Nutritional Considerations for Feeding a Nursing Cat

Pregnancy, giving birth and nursing brings a lot of changes in a cat's body. Consequently, you should pay particular attention to diet for the nursing cat, which is important both for the cat and the kittens' well-being.

The Importance of a Nursing Cat Diet

Immediately after giving birth, a cat mother starts producing milk and it is highly recommended that the kittens get this milk. The cat milk is a vital source of nutrients and antibodies which will make the cat litter immune to different bacteria and diseases. Consequently, the diet will have to be nutritional and balanced, so that the mother is able to produce the kitten milk with all the nutrients that are needed.

Changes in Appetite

The entire process of gestation and lactation signal major changes in the life of your cat and her appetite change accordingly.

Due to hormonal changes during and after pregnancy, you will observe that your cat is eating too much or too little. This is a normal symptom but keep an eye on your cat's weight.

Serving Guidelines

Throughout the lactation period (4 to 5 weeks) cat eats more, because producing milk will be highly demanding on the body.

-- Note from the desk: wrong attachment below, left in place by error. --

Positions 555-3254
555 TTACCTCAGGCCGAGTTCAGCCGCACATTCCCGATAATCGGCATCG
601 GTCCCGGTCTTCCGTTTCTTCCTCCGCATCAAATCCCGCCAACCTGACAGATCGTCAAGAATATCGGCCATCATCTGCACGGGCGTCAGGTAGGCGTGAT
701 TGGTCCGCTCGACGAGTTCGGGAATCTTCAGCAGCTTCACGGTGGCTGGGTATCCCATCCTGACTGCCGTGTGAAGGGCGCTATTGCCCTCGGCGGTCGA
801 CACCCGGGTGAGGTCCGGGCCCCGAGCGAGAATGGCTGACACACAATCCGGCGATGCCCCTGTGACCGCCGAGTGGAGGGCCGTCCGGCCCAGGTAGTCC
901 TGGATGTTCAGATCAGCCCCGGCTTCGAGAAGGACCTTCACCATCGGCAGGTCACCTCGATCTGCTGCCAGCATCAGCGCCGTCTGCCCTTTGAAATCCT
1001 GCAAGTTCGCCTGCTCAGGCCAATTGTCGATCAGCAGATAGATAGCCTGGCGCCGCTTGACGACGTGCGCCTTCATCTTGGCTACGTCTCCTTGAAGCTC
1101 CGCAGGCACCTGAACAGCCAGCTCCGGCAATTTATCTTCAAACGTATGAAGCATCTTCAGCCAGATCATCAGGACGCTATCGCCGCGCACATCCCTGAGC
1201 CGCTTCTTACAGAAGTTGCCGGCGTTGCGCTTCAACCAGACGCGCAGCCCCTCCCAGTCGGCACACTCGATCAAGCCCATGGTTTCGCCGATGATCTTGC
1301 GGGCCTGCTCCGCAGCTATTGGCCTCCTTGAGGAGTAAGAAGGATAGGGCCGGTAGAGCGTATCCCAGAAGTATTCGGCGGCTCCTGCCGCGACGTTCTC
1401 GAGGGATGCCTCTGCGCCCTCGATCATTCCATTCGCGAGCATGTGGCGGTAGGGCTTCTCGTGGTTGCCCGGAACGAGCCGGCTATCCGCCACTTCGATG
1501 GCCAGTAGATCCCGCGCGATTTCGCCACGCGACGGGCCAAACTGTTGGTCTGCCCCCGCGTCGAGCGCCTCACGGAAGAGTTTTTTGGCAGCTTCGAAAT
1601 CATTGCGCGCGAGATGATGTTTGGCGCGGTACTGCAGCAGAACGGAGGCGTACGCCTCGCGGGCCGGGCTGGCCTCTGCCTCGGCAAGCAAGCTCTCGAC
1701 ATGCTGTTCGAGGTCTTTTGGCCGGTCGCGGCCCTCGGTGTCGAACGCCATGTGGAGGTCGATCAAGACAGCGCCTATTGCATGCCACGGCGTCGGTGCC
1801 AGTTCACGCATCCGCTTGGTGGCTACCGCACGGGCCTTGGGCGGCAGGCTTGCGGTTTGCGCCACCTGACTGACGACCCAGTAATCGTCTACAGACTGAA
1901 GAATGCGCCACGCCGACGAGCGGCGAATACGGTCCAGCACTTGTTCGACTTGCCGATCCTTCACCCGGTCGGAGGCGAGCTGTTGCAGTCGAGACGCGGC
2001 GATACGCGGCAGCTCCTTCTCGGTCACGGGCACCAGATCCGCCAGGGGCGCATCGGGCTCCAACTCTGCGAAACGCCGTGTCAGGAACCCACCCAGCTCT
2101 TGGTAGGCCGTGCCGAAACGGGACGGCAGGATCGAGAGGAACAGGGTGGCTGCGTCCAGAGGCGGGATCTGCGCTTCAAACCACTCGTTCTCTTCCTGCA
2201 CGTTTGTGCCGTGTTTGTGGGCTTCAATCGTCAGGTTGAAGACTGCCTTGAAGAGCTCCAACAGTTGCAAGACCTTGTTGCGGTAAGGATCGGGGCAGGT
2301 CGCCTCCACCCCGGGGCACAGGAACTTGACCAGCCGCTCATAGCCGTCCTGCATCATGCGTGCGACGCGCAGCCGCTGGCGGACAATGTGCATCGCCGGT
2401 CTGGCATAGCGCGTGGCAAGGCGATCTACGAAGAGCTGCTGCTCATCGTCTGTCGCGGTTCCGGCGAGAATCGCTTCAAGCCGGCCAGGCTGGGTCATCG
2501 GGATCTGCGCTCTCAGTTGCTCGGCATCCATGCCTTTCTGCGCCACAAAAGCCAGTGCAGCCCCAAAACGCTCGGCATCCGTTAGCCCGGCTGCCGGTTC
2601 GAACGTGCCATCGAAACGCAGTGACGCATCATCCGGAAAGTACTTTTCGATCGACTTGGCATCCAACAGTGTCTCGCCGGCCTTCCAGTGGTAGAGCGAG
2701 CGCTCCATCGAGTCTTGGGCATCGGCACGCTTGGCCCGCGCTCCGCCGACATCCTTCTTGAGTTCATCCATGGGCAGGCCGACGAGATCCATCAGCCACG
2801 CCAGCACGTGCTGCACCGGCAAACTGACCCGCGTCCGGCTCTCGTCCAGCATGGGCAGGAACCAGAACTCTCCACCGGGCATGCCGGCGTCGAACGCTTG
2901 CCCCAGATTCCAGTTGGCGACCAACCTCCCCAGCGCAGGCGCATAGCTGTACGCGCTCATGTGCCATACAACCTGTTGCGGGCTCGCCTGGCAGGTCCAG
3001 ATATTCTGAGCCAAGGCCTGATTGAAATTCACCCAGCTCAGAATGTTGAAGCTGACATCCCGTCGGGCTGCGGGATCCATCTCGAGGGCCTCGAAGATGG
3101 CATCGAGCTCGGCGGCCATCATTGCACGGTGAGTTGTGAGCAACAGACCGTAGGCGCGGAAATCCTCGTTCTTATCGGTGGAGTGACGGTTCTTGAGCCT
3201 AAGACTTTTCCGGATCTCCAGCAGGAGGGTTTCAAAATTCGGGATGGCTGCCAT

Generally, the food intake of a nursing cat will be doubled. To guarantee the mother has all the food she needs, increase the number of servings rather than increasing the amount of the servings.

It is essential that the mother cat eats kitten food and not adult cat food, so that the cat can pass on the necessary nutrients to the kittens. Actually this diet should start during the last two weeks of pregnancy, ensuring that the milk will have the required nutrients for the cat litter starting from the first days of lactation. Gradually alter the diet by serving a higher and higher kitten food to cat food ratio until it's all kitten food.

Make sure to include enough water in the diet; the cat needs to produce enough milk and stay hydrated.

4 to 5 weeks after birth, the kittens will start being attracted to solid food. By this time the lactating cat will produce less milk and this process should stop eventually. Meanwhile, the cat will start eating less and should balance back to her normal weight.

Nutrient Check-List for a Nursing Cat

The food served to a lactating feline must be rich in protein, minerals and carbohydrates. You might consider additional vitamins and supplements. Calcium is highly important for the production of kitten milk, while the phosphorus is vital for a balanced health. Check the labels of the food cans to see if they contain magnesium (which facilitates the absorption of calcium), iron (to avoid anemia), potassium, sodium and chloride to prevent dehydration.